People have always prized “the real thing” over copies. This is why there is only one Mona Lisa. Extremely accurate copies can be made, but they are not prized nearly as highly as the priceless original. The idea that the copy is inferior to the original goes back at least as far as Plato’s “Republic”, where the ideas of “imitation” and “copy” are discussed in philosophical terms.
Other commonplace expressions convey this similar concept: we say “It’s the real McCoy” and “It’s the genuine article”.
But favoritism for originals is not an absolute rule: sometimes the copy is good enough. For those not willing to pay the price of a diamond, a cubic zirconia is a pretty close substitute. It’s flawless, colorless, and hard; just not quite as hard as a diamond and with a slightly lower refractive index (sparkle). For those willing to pay more than the price of a cubic zirconia, but still about one tenth the price of a diamond, moissanite is closer still. It is nearly as hard as diamond, and has an even higher refractive index. The ordinary person would not see the difference. But despite how close to the real thing these alternatives are, diamonds are far more expensive.
Another example is the difference between a “brand name” painkiller and its generic copy. In this case, the original and copy are even closer: they are chemically IDENTICAL. Yet, even so, people will still often pay more for “Tylenol” than for acetominophen.
In the decking world, a similar situation exists. Real wood is “the genuine article” and virtually all efforts to create a substitute decking material aim to create a material that has the look and texture of wood at its best.
Keeping it Real
While composite and artifical woods have numerous technical advantages, such as longevity, resistance to rot, and consistent grainless texture, in many cases people still want real wood. That preference comes with the need to handle and preserve the wood in ways that require more effort than what is needed for wood substitiutes.
In particular, genuine woods are more susceptible to dirt, moisture, warping, and rot. These drawbacks can however be largely offset with the appropriate effort, cleaners, brighteners, and stains. This is where Messmer products fit. Messmer makes a range of wood stains, finishes, and cleaners that go a long way to ensuring that the beauty of natural wood shows to its best and is preserved in the greatest measure possible.
Good choices in wood finishes can preserve or enhance the wood’s colour, reduce damage caused by ultraviolet rays from sunlight, offer resistance to mildew and rot, and seal woods against moisture.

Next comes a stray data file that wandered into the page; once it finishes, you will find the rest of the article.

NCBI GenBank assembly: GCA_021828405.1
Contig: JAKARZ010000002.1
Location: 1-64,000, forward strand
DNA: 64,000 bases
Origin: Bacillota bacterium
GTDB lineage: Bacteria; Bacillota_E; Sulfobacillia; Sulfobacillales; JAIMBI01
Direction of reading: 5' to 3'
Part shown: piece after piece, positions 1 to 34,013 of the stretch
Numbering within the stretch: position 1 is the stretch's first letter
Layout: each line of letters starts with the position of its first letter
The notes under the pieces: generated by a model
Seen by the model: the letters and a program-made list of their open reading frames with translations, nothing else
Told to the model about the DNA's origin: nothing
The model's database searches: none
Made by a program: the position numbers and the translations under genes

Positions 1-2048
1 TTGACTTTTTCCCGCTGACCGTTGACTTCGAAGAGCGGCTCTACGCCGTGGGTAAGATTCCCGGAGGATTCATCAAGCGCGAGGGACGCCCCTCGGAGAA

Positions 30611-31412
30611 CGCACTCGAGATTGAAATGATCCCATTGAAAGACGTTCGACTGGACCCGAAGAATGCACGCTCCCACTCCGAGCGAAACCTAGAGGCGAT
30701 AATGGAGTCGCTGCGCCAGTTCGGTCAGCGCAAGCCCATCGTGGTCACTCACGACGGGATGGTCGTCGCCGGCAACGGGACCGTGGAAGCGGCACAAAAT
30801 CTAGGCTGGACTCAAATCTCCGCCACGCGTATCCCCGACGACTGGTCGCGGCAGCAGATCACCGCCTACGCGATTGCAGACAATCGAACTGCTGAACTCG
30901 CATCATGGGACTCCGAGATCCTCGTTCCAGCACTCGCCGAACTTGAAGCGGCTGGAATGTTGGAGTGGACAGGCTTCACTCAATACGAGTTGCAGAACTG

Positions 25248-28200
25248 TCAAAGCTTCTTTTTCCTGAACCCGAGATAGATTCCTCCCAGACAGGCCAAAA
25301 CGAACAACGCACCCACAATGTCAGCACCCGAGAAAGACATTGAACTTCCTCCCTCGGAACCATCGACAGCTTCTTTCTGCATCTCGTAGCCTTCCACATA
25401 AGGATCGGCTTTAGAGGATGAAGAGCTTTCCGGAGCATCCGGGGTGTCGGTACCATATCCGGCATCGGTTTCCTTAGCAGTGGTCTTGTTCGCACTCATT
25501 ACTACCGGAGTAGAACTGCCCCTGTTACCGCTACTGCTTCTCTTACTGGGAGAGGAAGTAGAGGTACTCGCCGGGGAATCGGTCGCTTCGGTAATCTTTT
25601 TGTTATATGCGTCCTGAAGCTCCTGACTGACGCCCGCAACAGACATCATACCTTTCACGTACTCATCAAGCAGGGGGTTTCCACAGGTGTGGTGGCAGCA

Preserving and protecting woods involves considering a number of factors: the type of wood; its condition and age; whether the wood will be indoors or outdoors; whether the wood will be oriented vertically (as in fence slats) or horizontally (as in decking boards); how much foot traffic the wood needs to handle; and so on. These considerations will determine the specific wood treatment products used, and how often they might need to be reapplied: natural woods cannot be treated once and then forgotten, unless you are ready to sacrifice the benefits of nice-looking color and grain that drew you to select natural woods in the first place.
Messmer’s product line includes wood cleaners (a necessary detergent first stage for best staining results), wood brighteners (tannin extractors for woods prone to extractive bleeding) for enhancing grain and color in certain types of woods, and stains and finishes for indoor use, outdoor use, logs, and treatments that are targeted to specific types of woods. Cedar, redwood, and pine need one sort of product because of their open grain; teak, mahogany, meranti, and ipe need another because of their dense character. Pressure treated wood can also be stained, and again, the correct selection of treatment is needed.
As a general set of guidelines, wood should first be dry and clean and not coated with materials that would prevent stain penetrating deeply into the wood grain, such as paints, waxes, or silicones. If the wood is not new, it will need to be clean and dry; and pressure treated wood cannot be too freshly treated.
The goal is to have stains penetrate into the grain of the wood as far as possible. When staining, it’s important not to over-stain or insufficent penetration will occur, leading to blotches and shiny areas. Once the wood is saturated properly, any excess stain should be removed before it dries. Harder woods permit less stain penetration, and will need both lighter stain coats, and more frequent re-coating.
Once your natural wood is beautifully stained, you will need to maintain it with regular re-coating according to the wood type and weathering it receives.
If you are interested in going for the “real McCoy” and want to have natural wood decking and fencing, contact The Deck Store